Sad Girl Novel
A young woman tries to figure out if she’s the best (a creative genius) or if she’s maybe just the worst (completely delusional).
I’d be in heaven but on the edge of a deeper misery than ever, I’d be on top of the world and then they’d ask me, Did you make the right choice Kim? Are you currently, still, making the right choices Kimberly Mueller?
Over the course of a year in Berlin, an aspiring novelist, Kim, and her historian best friend, Bel, confront their twin acts of creation.
Kim is becoming a writer, and is determined to write a bestseller. She's been convinced of this idea by Matthew, an American literary agent who is as emotionally unavailable as he is handsome (very). Kim lives in her own carefully constructed reality, which her imagination is constantly pumping full of hot air. As she attempts to buoy herself using other people for external motivation, they poke holes in her fantasies, leading her to wonder if she’s going to come crashing down or somehow stay afloat.
Meanwhile, Bel is becoming a mother, and gives birth, certain it will fulfil her in ways her career does not seem to. Kim and Bel support and deceive each other as only the best of friends can.
In the face of probable failure, how do we convince ourselves to try and become something anyway? And how do we live with the choices we make?
About the Author
|Pip Finkemeyer's fiction has been listed for the Desperate Literature Short Fiction Prize, the Richell Prize for Emerging Writers, the Disquiet Literary Prize and nominated for a Pushcart Prize. She co-founded the Berlin-based zine Nothing To See Here, and completed a Masters in Publishing and Editing at RMIT. She lives in Naarm/Melbourne and Sad Girl Novel is her first novel.|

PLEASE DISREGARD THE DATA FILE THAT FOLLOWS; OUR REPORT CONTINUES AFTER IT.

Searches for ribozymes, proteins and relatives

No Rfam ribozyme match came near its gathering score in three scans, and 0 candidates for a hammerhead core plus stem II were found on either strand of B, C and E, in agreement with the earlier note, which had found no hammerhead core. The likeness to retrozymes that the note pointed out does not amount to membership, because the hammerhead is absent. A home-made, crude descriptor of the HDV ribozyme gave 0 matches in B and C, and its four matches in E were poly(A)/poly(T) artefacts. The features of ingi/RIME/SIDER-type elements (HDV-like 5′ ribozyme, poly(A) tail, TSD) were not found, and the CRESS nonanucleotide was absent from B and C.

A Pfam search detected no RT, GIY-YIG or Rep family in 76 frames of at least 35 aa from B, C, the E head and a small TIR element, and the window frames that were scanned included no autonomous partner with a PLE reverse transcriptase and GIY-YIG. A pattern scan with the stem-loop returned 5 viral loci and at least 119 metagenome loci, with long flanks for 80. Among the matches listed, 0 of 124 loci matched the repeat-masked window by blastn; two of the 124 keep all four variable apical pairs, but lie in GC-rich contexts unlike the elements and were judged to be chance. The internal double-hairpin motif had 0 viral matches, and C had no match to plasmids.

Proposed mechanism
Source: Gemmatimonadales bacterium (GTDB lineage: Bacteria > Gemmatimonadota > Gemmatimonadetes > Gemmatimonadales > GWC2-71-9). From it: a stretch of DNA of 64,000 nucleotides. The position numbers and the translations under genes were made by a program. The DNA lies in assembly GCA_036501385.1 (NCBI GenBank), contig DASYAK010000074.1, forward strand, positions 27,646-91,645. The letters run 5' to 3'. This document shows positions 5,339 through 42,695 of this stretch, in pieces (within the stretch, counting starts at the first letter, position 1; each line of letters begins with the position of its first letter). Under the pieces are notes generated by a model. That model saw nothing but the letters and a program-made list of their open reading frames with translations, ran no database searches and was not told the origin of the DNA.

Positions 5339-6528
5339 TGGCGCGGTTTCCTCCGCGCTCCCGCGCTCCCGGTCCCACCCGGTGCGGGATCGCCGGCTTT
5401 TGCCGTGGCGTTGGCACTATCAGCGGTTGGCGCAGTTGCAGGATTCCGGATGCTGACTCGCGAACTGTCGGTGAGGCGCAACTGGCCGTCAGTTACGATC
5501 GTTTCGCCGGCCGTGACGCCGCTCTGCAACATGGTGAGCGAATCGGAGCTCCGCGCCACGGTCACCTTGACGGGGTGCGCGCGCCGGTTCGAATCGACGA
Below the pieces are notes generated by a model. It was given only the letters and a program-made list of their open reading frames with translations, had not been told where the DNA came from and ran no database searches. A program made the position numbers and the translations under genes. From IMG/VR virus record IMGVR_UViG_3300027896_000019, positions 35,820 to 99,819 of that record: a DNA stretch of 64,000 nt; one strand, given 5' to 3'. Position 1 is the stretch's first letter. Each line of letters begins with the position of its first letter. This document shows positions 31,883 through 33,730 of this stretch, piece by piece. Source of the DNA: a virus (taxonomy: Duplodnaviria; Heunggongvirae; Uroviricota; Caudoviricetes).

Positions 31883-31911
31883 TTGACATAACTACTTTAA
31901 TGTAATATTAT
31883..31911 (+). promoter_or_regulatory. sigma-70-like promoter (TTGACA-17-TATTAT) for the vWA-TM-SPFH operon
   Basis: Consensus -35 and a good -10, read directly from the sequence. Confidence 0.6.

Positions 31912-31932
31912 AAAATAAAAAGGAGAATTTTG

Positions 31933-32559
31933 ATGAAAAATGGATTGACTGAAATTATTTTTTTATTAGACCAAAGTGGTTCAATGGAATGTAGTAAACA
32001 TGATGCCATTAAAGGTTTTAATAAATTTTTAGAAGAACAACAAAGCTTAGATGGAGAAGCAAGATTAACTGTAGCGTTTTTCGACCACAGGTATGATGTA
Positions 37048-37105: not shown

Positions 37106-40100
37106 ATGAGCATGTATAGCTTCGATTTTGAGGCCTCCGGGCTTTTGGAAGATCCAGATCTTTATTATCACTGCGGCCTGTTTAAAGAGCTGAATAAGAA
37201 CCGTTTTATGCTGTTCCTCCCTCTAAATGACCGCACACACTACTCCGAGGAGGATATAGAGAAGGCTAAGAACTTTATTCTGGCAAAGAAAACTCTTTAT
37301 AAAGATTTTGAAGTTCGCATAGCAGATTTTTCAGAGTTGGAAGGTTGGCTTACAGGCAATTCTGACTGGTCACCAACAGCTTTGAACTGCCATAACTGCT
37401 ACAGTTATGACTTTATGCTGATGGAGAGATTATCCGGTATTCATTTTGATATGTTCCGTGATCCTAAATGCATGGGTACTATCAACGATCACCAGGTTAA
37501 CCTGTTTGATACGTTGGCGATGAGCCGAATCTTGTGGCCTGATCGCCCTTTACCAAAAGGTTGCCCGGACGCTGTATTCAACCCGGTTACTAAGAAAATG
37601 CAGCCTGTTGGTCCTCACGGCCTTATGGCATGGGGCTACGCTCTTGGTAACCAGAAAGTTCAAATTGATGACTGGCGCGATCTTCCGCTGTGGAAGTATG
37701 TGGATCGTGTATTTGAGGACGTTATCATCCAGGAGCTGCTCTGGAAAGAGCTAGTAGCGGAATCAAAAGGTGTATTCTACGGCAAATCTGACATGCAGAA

‘a stroke of genius’ – Diana Reid, author of Love & Virtue and Seeing Other People
‘wildly amusing, sharply relevant’ – The Australian
‘extremely relatable’ – Sydney Morning Herald
‘Brilliant.’ – Daily Mail UK
‘Pip Finkemeyer has drawn such a unique, funny and painfully astute character in Kim. I could keep reading her inner monologue forever. It is rare to pick up a novel so simultaneously hilarious and moving. I loved it.’ – Laura Kay, author of Wild Things and Tell Me Everything
‘Relatable AF.’ – Pedestrian.TV
‘Both inhabiting and deconstructing the genre, it’s meta and twisty, with a wry narrative voice.’ – The Guardian
‘a humorous, heartfelt novel about finding one’s identity and purpose, the expectations held against you, and following your dreams even if it means stepping out of your comfort zone.’ – Readings Monthly
‘This book is a labour of writerly love, devoted to projects conceived and delivered.’ – ArtsHub
‘Finkemeyer offers a beautifully crafted character with all the flaws we've come to embrace in our modern heroines.’ – The Age
‘a punchy satire’ – The Saturday Paper
‘funny debut’ – The Age
‘glittering with acute and often funny observations about the ups and downs (mostly downs) of being an aspiring writer — or an aspiring anything, really’ – The West Australian
Friendship. Ambition. Self-awareness.